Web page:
Forwarded from Roger Burbach

Louis Proyect lnp3 at
Tue Feb 5 16:06:56 MST 2002

The World Social Forum In Porto Alegre:
A Wind of Hope in a World At War
By Roger Burbach

The second World Social Forum in Porto Alegre, Brazil, 
marked a dramatic counterpoint for a world that has been 
caught in a world of war and death since September 11. For six 
days starting on January 31, more than 51,000 people from 
around the globe participated in conferences, workshops, 
demonstrations, and innumerable informal gatherings and 
meetings.  As Francisco Whitaker, a member of the organizing 
committee from Brazil noted, “The Forum is a wind of hope that 
has taken hold in all of our hearts.” Almost 5 thousand 
organizations from 131 countries participated along with 11,600 
young people who stayed in tents at the International Youth 

In contrast to last years forum, which drew about 10,000 
participants, this one moved forward dramatically from the first 
day, advancing the organizing theme of the Forum that “another 
world is possible.”  Concrete discussions were held in hundreds 
of workshops about what types of organizations could replace 
institutions like the International Monetary Fund and the World 
Trade Organization. As Walden Bello, an economist from the 
Philippines noted on the first day:  "It won't do to replace the 
neoliberal ethic of the IMF and World Bank with a more social 
democratic one. We need new institutions that express the 
principles of what we should be calling 'deglobalization.'" 

Representatives of peasant and worker’s organizations along 
with organic farmers, cooperative members, public housing 
representatives and advocates of local currencies held in depth 
discussions about how they could forge an “economy of 
solidarity,” one that would foment popular economic institutions 
and that would require fundamental changes in national and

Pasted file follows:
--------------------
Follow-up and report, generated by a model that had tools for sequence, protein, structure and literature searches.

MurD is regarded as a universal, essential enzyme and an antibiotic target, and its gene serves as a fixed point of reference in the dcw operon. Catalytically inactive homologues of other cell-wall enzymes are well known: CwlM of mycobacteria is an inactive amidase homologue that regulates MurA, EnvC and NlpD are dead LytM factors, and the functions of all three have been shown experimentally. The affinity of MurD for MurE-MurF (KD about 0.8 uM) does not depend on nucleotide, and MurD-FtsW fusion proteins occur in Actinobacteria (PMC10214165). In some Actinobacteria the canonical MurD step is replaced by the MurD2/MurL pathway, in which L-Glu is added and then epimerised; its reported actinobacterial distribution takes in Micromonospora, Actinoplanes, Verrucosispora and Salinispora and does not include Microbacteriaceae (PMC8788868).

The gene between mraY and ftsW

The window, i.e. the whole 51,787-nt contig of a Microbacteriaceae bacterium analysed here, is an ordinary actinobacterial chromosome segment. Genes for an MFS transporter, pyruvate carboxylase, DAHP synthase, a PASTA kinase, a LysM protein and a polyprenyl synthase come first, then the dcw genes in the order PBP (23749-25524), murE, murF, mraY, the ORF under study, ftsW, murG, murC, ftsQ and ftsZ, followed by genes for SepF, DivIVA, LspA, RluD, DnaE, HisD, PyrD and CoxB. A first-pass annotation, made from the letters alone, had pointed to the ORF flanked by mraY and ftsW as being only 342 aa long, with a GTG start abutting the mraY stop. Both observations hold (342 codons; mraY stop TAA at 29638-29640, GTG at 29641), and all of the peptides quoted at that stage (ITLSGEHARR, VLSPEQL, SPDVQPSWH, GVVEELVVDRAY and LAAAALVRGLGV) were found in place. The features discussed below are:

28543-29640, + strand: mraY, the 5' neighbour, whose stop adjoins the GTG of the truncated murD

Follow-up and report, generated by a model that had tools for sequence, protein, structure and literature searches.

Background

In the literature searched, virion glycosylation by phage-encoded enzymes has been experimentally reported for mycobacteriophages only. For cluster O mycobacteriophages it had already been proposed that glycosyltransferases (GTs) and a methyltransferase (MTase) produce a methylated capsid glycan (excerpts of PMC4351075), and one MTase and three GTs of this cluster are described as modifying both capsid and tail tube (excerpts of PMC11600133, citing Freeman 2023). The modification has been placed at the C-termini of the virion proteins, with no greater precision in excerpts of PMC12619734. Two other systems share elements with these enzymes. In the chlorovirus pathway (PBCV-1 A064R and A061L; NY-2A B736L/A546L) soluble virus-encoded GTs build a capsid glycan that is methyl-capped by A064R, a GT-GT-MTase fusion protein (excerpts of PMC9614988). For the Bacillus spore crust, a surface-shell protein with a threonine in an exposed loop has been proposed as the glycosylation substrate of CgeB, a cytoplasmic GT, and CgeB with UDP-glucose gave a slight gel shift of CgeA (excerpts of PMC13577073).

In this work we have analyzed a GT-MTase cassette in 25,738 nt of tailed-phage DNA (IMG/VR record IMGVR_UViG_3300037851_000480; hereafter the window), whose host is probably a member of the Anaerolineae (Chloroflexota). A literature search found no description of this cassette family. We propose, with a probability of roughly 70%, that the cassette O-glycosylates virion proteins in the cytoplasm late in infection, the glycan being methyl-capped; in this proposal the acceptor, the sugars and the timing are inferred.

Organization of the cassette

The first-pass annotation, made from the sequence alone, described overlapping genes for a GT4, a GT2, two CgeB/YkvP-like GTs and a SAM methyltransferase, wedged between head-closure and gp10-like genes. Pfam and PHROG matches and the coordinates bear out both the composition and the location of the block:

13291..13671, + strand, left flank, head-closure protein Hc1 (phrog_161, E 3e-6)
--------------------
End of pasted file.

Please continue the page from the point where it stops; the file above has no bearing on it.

international laws that currently favor multinational corporations. 
As Carlos Tiburcio of the organizing committee stated: “The 
Forum is now recognized as a platform of social and economic 
discussion.  It is in effect a new global entity, in which the 
peoples of the world can collaborate collectively.” Francisco 
Whitaker added: “The Social Forum has now become a political 
power with the appearance of United Nations officials at the 
Forum who recognize that our struggles and demands are 

On the second last day of the Forum, tens of thousands 
participated in a public march against the Free Trade Area of the 
Americas (FTAA), the new corporate driven free trade pact that 
the Bush administration along with most of the other state 
leaders of the hemisphere are trying to foist on their peoples.  
The Landless Workers Movement of Brazil along with peasant 
organizations from around the world were in the forefront of the 
march.  As Vidalia Benitez of a Paraguayan peasant organization 
from stated: “The FTAA is bad not only for Brazil and Latin 
America, but for the entire world.  It will only bring us hunger, 
death, more people in poverty and prison and more torture.”

The huge demonstration also drew attention to the war that has 
been unleashed in the aftermath of September 11.  One large